Research Papers



















































Introduction and Conclusion

In court, lawyers are forbidden from expressing their own opinions—with two notable exceptions: the opening statement and the closing argument. These correspond to your introduction and conclusion.

Your introduction and conclusion are your best opportunities to express how you feel about the topic. This is your chance to make bold assertions without necessarily having to back up each one with a piece of evidence. You are giving the reader a “broad view” of the case. In other words, you are showing the reader the forest, not the trees.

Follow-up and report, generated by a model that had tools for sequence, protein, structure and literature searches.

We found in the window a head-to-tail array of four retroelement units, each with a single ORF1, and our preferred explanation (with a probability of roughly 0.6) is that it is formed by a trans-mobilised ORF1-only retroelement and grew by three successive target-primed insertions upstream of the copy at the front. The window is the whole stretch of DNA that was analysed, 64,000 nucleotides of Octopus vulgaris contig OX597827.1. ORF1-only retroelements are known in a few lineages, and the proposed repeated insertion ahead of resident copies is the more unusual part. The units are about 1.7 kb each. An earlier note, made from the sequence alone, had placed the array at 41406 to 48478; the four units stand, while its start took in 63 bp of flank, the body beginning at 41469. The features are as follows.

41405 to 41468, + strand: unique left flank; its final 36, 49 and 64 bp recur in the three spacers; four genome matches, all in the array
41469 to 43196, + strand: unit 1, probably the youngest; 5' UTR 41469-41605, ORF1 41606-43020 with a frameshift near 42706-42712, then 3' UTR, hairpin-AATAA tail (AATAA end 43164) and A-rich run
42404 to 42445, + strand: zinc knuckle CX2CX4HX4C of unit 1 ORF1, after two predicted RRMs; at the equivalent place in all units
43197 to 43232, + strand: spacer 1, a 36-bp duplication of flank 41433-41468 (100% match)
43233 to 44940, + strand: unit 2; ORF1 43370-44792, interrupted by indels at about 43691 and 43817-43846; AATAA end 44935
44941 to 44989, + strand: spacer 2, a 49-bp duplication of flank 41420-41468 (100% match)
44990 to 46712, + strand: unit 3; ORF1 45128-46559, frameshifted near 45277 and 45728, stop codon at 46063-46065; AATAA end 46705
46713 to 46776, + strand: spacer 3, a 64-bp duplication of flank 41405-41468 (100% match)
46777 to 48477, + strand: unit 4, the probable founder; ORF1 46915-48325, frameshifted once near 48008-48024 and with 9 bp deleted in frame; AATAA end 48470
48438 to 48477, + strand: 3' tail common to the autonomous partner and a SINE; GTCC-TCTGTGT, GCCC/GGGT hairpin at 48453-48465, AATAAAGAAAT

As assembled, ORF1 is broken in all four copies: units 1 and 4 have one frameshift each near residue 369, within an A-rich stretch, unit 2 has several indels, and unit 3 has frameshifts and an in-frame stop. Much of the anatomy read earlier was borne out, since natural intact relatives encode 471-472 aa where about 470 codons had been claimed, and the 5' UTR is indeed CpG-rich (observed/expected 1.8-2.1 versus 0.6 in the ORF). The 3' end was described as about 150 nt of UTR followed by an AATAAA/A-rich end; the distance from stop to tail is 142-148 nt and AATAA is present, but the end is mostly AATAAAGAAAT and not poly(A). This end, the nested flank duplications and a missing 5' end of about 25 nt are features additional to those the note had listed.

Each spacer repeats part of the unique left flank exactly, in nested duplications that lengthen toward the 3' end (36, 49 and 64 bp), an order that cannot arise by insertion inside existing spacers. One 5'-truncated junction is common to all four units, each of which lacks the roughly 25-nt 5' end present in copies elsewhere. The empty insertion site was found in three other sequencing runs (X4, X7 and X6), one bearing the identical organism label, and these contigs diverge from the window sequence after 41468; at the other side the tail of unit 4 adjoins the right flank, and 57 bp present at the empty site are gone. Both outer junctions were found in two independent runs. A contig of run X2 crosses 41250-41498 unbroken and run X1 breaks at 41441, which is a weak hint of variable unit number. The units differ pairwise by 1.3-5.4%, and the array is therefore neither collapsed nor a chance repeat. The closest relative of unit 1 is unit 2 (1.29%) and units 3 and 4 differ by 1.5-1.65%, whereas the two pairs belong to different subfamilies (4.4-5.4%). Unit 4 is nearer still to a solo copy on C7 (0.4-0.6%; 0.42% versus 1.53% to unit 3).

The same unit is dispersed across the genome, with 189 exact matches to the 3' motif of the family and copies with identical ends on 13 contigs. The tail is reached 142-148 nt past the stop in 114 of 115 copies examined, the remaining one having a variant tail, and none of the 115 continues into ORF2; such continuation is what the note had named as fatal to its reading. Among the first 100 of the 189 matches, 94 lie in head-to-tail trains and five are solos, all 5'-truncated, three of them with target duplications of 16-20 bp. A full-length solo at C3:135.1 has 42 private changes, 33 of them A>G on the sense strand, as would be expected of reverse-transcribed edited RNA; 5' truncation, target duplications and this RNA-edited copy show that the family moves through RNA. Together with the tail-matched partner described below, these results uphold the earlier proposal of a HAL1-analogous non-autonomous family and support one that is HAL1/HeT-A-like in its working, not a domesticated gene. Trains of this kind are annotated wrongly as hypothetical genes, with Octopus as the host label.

Most importantly, the introduction and conclusion is where you put your thesis statement. Traditionally, your thesis statement comes near the end of the introduction. You will restate your thesis somewhere in the conclusion.

Instructions for the Quiz

Answer the questions.